Very Good: The camerawork. Those who hate shaky-cams and spastic chops in editing will find this movie to their liking. The action is frenetic at times, but you can actually follow it -- at least you can follow it to the extent you should be able to follow it. Tom Cruise shows up on the battlefield with no training and is disoriented and confused, and while the camera work suggests that, it does not just use palsiated shaky-cam and spastic editing to disorient you, the viewer. It is more subtle in its technique, and it better earns that feeling of disorientation.

Bad: You know how every alien movie since Independence Day features that Central Super Boss Alien where if you just take him out, every single alien solider either dies or simply stops fighting due to lack of direction? Yeah.

I'm telling you this as an anti-spoiler-- this is annoying and cliched, and completely expected, so you might as well know going in that this movie has an "Omega" alien hive-queen. You're just going to have to accept that.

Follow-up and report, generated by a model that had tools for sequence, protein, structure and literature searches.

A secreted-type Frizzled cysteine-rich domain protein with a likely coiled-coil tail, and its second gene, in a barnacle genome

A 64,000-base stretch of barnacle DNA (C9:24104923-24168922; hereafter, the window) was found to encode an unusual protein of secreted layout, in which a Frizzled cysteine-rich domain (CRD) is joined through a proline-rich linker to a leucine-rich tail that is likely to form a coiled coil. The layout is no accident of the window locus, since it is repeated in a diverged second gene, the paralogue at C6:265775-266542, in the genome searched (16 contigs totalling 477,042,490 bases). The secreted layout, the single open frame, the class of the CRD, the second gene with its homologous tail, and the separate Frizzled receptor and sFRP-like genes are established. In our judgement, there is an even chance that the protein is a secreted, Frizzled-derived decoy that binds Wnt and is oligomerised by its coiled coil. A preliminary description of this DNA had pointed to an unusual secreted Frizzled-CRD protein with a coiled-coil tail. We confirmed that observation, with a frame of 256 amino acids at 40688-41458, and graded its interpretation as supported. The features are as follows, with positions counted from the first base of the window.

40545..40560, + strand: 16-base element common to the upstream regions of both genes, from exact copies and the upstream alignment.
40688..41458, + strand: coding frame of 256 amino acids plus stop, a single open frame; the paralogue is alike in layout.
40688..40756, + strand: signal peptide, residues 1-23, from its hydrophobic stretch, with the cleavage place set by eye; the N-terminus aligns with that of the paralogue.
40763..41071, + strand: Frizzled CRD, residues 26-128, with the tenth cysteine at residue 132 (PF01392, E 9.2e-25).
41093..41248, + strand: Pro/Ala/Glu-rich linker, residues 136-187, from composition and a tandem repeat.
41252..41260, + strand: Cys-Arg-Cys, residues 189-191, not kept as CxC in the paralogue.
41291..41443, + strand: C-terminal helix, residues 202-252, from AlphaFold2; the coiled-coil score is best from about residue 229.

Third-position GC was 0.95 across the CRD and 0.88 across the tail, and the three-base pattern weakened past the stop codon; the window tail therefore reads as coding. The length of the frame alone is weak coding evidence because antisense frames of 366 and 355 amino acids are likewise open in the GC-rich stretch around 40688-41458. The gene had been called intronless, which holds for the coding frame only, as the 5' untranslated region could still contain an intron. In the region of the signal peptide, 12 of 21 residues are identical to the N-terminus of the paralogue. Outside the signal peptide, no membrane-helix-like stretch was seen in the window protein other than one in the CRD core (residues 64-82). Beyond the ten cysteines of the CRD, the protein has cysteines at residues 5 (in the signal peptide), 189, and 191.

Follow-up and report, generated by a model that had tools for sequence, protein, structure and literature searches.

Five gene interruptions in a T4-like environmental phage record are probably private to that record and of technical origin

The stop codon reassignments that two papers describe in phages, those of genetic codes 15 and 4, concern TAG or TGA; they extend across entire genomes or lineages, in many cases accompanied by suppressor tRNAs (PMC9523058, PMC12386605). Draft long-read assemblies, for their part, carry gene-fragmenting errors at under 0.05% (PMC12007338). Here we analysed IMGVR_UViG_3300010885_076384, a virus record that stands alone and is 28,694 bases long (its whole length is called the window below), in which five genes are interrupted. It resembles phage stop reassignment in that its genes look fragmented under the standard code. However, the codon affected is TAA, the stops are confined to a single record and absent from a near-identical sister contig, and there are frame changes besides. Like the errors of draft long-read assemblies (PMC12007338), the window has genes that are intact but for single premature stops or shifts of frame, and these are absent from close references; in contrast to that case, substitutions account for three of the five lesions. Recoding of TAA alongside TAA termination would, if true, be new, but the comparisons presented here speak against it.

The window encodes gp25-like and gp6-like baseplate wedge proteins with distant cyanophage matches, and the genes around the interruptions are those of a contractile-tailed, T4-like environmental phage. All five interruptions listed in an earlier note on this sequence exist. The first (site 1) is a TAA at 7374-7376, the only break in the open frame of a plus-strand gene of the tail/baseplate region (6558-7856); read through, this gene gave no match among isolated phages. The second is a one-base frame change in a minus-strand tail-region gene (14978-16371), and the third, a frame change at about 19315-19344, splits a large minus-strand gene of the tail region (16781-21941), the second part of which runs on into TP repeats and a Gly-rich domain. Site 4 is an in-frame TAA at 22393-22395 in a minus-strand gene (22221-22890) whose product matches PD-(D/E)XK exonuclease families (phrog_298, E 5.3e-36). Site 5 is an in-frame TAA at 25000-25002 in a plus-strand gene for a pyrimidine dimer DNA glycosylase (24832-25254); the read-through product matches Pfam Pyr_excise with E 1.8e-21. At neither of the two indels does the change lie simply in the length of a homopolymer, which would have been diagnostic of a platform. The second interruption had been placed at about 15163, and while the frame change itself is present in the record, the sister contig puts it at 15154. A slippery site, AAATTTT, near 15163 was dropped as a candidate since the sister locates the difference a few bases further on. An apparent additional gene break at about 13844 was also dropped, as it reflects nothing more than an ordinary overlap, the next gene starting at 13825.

Bad, or maybe not really "bad" per se, but a defensible artistic choice that might disappoint some viewers: the film makes a promise it never quite delivers on. As you almost certainly know from having seen Groundhog's Day, a man who lives the same two days will get better and better at those two days, to the point at which, as Bill Murray said, "Maybe I'm God."

In the film, Tom Cruise goes through actual combat and then hardcore, seriously violent training (yes, in that inverted order: combat first, then combat training) to the point where he becomes a very, very good soldier indeed.

I don't think that's a spoiler. Come on, what were you expecting?

But here's the weird thing: Once Tom Cruise is at his pinnacle of combat performance, you'd expect the movie to have That Scene, the Scene Where Neo Shows Just How Powerful He Is. The scene were he reveals he's The One by his total and complete awesome badassery.

The movie doesn't have That Scene. In fact, when Tom Cruise becomes ultra proficient with his battlesuit, the plot then mostly starts putting him into situations where he doesn't even have his battlesuit.

This is a defensible choice, I guess, because it keeps the tension up. Tom Cruise becomes a super battlesuit warrior, but never actually gets to dominate his enemies with his awesomeness; as soon as he becomes You Are Ultimate Champion, he's put into situations where he's not able to use his Super Powers, and he becomes a very vulnerable underdog again.